Bringing Life to Life 


Why do we read the same Torah portion every year, and what can it teach us about keeping our connection to Judaism fresh and relevant?

Repeating the Same Story

Generally, regular celebrities experience what is commonly known as “fifteen minutes of fame”—a brief period of publicity. If they’re lucky, they might enjoy a few years in the spotlight, during which time everyone talks about them. But sooner or later, their magic fades, and they are replaced by the next celebrity.

There’s a story of a Jew who arrived in a small Jewish village in Poland one late Friday afternoon, just before Shabbos candle-lighting time. He immediately needed a place to tie his horse over Shabbos. (This was 200 years ago, before cars.) He asked a fellow Jew if he could help him find a spot to tie up his horse, but the Jew sighed and apologized, saying he couldn’t help. The man asked another Jew and received the same response.

Finally, one villager told the man, “Go to the rabbi—he’ll definitely be able to help you.” The man asked, “Why the rabbi?” The villager replied, “Because no matter what, the rabbi always manages to tie everything to the Torah portion of the week.”

It’s a funny joke, but also a bit sad: The rabbi ties everything to the Torah portion because every year we read the same Torah portions.

In the secular world, people read a book once, and then move on to another book. If they really liked it, they might read it again, but eventually, they always move on to something new. The same applies to learning: You study something until you know it well, then you progress to a new subject, a new class, or a new book. In school, if your second-grade teacher taught you the same things you learned in first grade, the teacher would be let go. In life, we constantly seek to learn new things—“You learn something new every day.”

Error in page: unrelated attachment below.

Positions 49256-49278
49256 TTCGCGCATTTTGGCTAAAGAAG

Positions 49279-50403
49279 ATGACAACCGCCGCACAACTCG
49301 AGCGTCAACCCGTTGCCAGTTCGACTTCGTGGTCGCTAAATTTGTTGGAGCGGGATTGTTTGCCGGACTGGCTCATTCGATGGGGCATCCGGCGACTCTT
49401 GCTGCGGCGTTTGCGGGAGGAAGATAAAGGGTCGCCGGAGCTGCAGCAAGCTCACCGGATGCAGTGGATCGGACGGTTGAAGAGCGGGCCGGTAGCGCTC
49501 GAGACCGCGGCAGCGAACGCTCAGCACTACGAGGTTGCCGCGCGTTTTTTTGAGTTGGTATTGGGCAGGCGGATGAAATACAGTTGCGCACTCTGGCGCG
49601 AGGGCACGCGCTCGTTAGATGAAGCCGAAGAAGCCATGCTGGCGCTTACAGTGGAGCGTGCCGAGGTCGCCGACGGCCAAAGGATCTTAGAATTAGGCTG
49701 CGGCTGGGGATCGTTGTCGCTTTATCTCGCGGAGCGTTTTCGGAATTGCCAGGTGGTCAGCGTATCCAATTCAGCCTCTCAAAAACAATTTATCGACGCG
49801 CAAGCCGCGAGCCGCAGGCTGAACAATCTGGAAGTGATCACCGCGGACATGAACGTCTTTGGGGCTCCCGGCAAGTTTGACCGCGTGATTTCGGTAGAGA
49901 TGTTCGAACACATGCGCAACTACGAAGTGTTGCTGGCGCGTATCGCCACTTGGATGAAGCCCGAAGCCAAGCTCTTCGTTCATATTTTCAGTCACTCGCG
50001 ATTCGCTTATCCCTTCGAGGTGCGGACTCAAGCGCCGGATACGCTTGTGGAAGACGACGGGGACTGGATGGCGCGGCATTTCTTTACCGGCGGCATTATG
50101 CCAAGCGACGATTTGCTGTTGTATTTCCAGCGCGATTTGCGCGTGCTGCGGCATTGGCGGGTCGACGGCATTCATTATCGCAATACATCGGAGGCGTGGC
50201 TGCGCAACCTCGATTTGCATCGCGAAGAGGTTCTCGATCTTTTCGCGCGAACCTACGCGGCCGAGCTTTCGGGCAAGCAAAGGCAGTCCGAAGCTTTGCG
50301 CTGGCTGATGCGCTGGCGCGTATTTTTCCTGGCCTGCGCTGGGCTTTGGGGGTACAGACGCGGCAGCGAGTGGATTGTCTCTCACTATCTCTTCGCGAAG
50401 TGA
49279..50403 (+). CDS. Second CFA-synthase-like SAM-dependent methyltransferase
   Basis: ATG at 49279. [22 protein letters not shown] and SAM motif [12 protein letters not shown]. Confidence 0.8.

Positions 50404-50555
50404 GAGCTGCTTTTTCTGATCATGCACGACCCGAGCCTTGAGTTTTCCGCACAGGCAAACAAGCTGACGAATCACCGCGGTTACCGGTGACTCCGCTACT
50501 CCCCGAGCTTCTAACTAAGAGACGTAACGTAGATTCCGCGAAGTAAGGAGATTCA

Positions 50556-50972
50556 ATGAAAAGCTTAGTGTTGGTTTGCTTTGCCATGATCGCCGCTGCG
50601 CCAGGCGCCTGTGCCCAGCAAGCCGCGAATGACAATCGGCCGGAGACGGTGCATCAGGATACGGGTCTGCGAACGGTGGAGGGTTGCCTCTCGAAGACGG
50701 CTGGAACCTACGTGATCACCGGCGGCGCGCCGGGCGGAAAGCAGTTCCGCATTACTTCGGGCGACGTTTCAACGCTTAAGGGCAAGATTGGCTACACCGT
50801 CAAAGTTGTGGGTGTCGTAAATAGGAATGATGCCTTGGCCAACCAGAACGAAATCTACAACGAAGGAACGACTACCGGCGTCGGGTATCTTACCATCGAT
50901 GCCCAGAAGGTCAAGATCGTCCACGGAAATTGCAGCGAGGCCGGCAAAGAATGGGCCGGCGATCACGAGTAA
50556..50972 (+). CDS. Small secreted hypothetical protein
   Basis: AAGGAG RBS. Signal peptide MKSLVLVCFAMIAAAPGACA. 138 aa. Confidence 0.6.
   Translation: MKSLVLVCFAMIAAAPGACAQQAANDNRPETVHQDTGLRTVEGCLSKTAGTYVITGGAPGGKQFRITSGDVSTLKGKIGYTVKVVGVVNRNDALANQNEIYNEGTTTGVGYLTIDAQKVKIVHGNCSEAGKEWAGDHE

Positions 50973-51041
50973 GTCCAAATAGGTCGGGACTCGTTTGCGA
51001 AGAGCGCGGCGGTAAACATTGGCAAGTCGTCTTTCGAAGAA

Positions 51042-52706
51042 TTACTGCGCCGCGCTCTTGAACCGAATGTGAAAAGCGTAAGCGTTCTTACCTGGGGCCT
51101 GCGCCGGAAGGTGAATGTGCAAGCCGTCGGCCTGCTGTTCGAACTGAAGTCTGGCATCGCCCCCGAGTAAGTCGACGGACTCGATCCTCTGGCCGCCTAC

However, all of that is different when it comes to reading the weekly Torah portion. Every year, we read the same stories. This week, we once again read the story most of you know well: G-d tells Moshe to speak to the rock so that it will produce water. Instead, Moshe hits the rock and, as a result, is punished by not being allowed to enter the Holy Land.

Every Hebrew school or cheder kid knows this story, and every year, when the Torah portion of Chukat comes along, we read it again. 

There’s a joke about a woman who came to shul one Shabbos and heard the story of Yosef being sold. She was so moved by pity for Yosef that she started sobbing. However, the next year, when the same story was read, she showed no emotion. Someone asked her, “Rebbetzin, do you have no pity for Yosef this year?” She replied, “Listen: Last year, he went to visit his brothers and got burned. Who asked him to go again?”

Like Today?

This issue of repetition is even more pronounced in the most famous Jewish prayer, Shema. In the first paragraph of Shema, we say: “And these words, which I command you today, shall be on your hearts.”

What exactly is meant by “today?” Did G-d give us a command today? If He did, I didn’t hear it! I may be a rabbi, but I didn’t get any fax or email from G-d today. Wasn’t this command given over 3,300 years ago? So what does “today” mean?

To answer this, Rashi explains (Devarim 6:6): “It should not be to you like an old book that no one reviews, but rather, like a new one that everyone runs to.” In other words, Rashi is saying that a person needs to constantly feel that the Torah is like the freshest headlines, which everyone is drawn to with great excitement. We should feel as if the Torah were given today.